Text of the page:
An article published in the December 2016 edition of the Journal of Environmental Science and Studies focuses on the key role science diplomacy can play in a changing Arctic, in light of the current geopolitical situation.
The article mentions that climate change, the post Cold-War politics between the West and Russia, and the globalisation/power transition that is taking place as a result of the rise of China are key drivers in a current transformation the Arctic is undergoing. Science diplomacy - using scientific research to foster ties between different countries and other Arctic stakeholders - should play a key role in this transformative period the Arctic is facing, the paper argues.
On one hand, increasing a country’s presence in the Arctic by conducting research, building and maintaining research stations (which can also sometimes double for military purposes), and increasing logistical capabilities to operate in the region is a way to legitimise a country’s interests in the Arctic and re-affirm its sovereignty in some cases. At the same time, Arctic research stations foster multilateral cooperation between countries, through multinational research projects and observing networks. Arctic research also promotes multilateral rather than unilateral action, as cooperation is often needed on logistics and search and rescue.
The paper examines three questions about the “diplomatic” role of Arctic research stations during the current period of change that the Arctic is facing:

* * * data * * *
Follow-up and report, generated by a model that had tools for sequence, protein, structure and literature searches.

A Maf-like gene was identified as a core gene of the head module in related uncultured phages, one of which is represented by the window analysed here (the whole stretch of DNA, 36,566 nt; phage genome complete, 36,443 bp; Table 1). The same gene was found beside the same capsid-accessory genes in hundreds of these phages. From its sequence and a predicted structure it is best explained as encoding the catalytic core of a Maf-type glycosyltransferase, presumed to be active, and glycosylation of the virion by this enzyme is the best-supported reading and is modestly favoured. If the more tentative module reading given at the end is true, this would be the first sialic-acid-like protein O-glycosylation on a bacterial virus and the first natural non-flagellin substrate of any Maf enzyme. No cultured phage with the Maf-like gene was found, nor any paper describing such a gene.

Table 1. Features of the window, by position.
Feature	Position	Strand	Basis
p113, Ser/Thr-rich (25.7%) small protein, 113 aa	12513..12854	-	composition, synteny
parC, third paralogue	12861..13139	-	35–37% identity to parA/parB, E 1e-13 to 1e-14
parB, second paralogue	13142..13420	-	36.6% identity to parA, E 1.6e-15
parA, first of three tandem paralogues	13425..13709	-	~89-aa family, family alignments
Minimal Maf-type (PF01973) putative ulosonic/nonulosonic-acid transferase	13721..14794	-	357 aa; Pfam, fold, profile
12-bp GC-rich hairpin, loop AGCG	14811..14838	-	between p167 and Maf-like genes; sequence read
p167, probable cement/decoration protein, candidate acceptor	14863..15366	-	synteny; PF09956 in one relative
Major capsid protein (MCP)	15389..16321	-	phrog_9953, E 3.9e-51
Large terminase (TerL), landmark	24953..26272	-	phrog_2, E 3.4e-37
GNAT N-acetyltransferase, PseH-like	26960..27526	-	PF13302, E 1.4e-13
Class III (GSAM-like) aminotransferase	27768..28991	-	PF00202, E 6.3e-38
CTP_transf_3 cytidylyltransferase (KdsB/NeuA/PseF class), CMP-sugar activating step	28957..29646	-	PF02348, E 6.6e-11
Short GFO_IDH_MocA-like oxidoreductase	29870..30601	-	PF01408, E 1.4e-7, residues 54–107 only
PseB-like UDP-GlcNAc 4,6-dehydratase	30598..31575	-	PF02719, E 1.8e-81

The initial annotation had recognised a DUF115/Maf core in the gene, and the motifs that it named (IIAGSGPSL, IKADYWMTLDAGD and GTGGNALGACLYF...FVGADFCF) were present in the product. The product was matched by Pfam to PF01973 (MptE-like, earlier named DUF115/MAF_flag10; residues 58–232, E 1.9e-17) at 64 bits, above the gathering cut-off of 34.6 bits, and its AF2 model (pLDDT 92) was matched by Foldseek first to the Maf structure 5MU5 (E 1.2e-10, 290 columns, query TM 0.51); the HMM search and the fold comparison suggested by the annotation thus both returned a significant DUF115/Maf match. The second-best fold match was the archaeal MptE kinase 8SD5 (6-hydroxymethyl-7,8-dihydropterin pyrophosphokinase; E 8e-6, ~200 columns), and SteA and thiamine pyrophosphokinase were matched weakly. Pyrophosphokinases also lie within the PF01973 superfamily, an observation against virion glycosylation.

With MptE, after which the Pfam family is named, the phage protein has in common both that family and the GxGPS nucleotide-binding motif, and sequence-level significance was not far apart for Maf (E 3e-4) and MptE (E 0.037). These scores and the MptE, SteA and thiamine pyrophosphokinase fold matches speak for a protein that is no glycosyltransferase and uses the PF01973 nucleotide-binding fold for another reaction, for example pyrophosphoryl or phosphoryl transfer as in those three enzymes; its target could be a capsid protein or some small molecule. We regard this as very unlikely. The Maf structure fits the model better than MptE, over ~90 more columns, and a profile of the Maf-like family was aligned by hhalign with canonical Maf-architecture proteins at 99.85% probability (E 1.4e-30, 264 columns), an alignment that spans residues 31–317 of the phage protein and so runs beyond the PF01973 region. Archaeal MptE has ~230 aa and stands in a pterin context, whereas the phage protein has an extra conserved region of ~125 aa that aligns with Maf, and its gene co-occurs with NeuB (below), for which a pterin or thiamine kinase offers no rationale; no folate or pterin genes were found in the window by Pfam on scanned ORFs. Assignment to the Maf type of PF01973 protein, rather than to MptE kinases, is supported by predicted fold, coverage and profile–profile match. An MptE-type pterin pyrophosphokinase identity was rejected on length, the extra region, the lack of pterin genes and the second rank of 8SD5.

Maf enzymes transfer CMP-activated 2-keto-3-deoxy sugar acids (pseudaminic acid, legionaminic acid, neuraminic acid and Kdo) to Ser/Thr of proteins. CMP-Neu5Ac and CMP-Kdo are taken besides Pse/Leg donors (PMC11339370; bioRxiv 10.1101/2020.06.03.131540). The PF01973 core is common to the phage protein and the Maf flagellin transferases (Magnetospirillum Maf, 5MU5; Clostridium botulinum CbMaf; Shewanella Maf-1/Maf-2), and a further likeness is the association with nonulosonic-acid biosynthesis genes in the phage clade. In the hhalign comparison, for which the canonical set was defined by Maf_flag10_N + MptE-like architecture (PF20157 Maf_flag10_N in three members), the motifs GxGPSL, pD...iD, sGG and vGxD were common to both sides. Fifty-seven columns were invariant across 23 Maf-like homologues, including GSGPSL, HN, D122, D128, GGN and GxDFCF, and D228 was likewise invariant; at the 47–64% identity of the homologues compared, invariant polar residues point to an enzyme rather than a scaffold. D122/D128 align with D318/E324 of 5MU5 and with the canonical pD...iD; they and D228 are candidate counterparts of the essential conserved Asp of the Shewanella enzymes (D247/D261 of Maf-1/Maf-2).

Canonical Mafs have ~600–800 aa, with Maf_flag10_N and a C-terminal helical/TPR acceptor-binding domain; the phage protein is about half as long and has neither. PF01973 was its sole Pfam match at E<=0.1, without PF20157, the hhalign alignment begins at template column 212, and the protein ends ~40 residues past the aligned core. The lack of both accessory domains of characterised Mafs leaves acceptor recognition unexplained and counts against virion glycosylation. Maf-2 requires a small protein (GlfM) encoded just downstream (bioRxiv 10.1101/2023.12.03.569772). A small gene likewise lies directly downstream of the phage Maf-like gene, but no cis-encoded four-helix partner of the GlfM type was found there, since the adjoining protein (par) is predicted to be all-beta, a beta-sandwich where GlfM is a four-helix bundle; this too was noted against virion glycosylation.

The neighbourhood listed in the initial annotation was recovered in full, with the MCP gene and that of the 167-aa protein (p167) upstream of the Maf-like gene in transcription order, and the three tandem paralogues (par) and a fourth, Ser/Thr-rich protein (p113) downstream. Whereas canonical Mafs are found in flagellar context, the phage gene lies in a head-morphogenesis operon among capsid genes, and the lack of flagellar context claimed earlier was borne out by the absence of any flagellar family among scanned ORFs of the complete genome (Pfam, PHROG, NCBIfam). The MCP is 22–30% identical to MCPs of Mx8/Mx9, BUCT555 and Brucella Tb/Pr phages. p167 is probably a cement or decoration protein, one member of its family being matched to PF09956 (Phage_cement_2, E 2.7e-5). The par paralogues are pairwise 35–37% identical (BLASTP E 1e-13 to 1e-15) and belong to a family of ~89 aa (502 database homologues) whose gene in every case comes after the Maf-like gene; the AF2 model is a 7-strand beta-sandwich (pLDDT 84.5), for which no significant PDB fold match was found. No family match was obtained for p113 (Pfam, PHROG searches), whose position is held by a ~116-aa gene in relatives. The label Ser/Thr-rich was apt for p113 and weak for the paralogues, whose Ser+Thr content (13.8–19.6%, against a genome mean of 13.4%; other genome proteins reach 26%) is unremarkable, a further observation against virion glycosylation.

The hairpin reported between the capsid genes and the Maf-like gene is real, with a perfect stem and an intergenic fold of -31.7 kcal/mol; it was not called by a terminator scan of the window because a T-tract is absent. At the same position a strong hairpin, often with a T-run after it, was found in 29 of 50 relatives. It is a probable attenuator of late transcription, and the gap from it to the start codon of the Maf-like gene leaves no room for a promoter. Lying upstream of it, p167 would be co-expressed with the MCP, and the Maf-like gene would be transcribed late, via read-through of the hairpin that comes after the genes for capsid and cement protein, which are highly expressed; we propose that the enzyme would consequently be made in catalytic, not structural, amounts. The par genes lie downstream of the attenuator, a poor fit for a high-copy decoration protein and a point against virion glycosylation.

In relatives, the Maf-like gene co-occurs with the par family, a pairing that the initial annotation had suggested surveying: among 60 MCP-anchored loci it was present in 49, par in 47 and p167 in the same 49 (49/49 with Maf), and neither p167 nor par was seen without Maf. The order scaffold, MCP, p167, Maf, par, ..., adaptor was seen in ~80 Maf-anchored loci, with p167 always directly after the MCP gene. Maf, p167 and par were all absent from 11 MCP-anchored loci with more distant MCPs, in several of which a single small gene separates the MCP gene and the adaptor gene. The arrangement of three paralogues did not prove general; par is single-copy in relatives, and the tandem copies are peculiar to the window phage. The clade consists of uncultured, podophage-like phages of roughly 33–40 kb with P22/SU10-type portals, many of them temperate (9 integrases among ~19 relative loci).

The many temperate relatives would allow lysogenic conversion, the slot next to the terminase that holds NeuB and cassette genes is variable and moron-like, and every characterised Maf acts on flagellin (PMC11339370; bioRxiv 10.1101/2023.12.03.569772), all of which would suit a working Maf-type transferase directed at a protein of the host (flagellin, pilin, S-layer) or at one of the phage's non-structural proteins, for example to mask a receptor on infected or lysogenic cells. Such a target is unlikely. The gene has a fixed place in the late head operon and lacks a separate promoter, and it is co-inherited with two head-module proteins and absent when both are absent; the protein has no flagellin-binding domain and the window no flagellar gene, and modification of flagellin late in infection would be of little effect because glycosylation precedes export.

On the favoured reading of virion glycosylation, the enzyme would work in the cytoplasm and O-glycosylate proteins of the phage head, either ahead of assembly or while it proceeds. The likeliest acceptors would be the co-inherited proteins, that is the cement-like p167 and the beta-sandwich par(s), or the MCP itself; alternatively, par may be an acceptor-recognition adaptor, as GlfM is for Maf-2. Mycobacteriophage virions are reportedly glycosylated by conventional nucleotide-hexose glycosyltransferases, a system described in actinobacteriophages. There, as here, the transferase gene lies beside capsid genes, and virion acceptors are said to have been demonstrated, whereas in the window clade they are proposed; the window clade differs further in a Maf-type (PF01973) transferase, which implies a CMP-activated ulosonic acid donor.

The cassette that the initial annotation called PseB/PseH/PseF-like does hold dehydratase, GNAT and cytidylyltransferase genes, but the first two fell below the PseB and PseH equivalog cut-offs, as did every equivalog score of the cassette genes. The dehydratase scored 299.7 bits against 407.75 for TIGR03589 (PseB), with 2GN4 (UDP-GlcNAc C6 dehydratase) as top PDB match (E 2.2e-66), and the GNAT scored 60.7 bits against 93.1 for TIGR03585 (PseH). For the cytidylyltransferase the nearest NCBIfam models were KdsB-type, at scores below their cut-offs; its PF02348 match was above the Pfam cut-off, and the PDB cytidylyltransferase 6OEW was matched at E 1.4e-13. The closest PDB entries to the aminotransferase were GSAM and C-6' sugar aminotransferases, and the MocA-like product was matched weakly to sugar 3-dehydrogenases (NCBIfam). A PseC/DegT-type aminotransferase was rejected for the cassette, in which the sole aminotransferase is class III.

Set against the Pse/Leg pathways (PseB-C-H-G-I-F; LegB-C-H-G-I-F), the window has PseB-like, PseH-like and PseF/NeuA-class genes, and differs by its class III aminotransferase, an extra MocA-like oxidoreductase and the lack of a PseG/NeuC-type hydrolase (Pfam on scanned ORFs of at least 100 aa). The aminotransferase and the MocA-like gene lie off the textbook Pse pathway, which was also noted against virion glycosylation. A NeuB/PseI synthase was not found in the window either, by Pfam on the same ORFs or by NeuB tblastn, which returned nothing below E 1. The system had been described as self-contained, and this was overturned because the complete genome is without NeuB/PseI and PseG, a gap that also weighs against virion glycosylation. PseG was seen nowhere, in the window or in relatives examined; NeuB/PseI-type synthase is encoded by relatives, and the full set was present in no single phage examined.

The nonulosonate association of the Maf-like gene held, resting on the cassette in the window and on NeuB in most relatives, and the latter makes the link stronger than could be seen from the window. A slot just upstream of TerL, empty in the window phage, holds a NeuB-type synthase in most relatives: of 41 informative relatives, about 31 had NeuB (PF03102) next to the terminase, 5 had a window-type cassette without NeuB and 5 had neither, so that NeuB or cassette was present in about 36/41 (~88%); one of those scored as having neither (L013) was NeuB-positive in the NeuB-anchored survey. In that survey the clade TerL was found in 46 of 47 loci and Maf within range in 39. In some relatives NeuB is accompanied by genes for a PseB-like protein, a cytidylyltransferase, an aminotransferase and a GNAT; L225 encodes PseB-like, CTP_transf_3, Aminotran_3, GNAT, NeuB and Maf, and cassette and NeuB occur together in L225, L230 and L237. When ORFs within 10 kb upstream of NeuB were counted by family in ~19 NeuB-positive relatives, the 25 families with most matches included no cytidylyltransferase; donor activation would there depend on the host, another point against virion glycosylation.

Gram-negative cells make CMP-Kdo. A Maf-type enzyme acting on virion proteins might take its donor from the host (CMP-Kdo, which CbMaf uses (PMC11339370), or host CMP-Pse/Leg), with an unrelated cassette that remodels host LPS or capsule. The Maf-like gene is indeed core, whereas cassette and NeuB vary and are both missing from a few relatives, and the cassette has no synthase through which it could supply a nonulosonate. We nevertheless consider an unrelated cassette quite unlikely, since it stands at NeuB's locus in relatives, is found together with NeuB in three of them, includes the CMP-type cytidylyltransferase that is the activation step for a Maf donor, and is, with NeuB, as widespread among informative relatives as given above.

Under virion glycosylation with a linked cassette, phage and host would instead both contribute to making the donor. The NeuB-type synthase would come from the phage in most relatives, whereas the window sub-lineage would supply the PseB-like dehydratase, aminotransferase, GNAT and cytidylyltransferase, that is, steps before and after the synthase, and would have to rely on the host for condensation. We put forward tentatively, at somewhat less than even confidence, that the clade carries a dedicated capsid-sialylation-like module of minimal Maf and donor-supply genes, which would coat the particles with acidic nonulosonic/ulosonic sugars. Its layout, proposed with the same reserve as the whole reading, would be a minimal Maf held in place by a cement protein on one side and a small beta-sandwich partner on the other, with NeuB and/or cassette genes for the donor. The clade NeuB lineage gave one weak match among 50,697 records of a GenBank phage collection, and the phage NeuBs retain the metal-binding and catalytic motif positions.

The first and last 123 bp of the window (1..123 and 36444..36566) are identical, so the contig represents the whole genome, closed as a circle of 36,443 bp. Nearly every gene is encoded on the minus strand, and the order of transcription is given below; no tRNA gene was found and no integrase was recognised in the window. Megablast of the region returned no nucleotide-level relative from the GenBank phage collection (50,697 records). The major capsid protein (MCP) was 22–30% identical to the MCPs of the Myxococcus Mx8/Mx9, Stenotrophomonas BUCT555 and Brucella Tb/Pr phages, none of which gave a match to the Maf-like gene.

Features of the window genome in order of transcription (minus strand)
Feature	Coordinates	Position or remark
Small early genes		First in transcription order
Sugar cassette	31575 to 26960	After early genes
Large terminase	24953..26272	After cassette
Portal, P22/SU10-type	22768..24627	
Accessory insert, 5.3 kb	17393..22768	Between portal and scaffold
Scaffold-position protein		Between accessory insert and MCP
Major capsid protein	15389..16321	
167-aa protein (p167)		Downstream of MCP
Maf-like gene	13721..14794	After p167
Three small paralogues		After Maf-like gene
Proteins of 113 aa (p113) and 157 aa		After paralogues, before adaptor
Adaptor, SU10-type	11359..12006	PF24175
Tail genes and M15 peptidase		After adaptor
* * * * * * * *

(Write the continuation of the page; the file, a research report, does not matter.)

- How Arctic research stations connect scientists from Arctic and non-Arctic states and how the stations connect Arctic and non-Arctic states across geopolitical and power transition competition
- How the purpose of Arctic research has stations developed over time
- To what extent can the international legal framework in the Arctic ensure that research stations are used for peaceful purposes
On the first question, the authors conclude that Arctic research plays the role of diplomatic intermediaries that bridge science, geopolitics and globalisation by fostering cooperation between researchers and the sharing of data; by achieving successful multilateral actions instead of unilateral actions through scientific research programmes to enhance data security; and by considering actors far from the Arctic region, such as China and the EU Commission, and indigenous groups.
For the second question, the article looks at a case study of how the development and use of Alaskan research stations the US military developed has evolved. At least in the case of the US, the primary interest in establishing research stations in the Arctic has shifted from primarily military security and surveillance purposes during the Cold War to having much broader mandates related to environmental security, notably monitoring climate change.
As for the third question, the authors concluded that there is currently a lack of regulations and agreements on the international level that clarify the role of research stations to ensure that they are used effectively for peaceful purposes. States have the potential to use research stations as tools to legitimise their interests in the Arctic, citing environmental change affecting their country as a reason to conduct research in the Arctic. The authors propose updating the international legal regime governing research cooperation to include a more multilevel perspective (global, regional and national) and strengthened, as it is based on the will of Arctic states to collaborate.
Arctic Portal Director Halldór Jóhannsson is a contributing author to the journal article.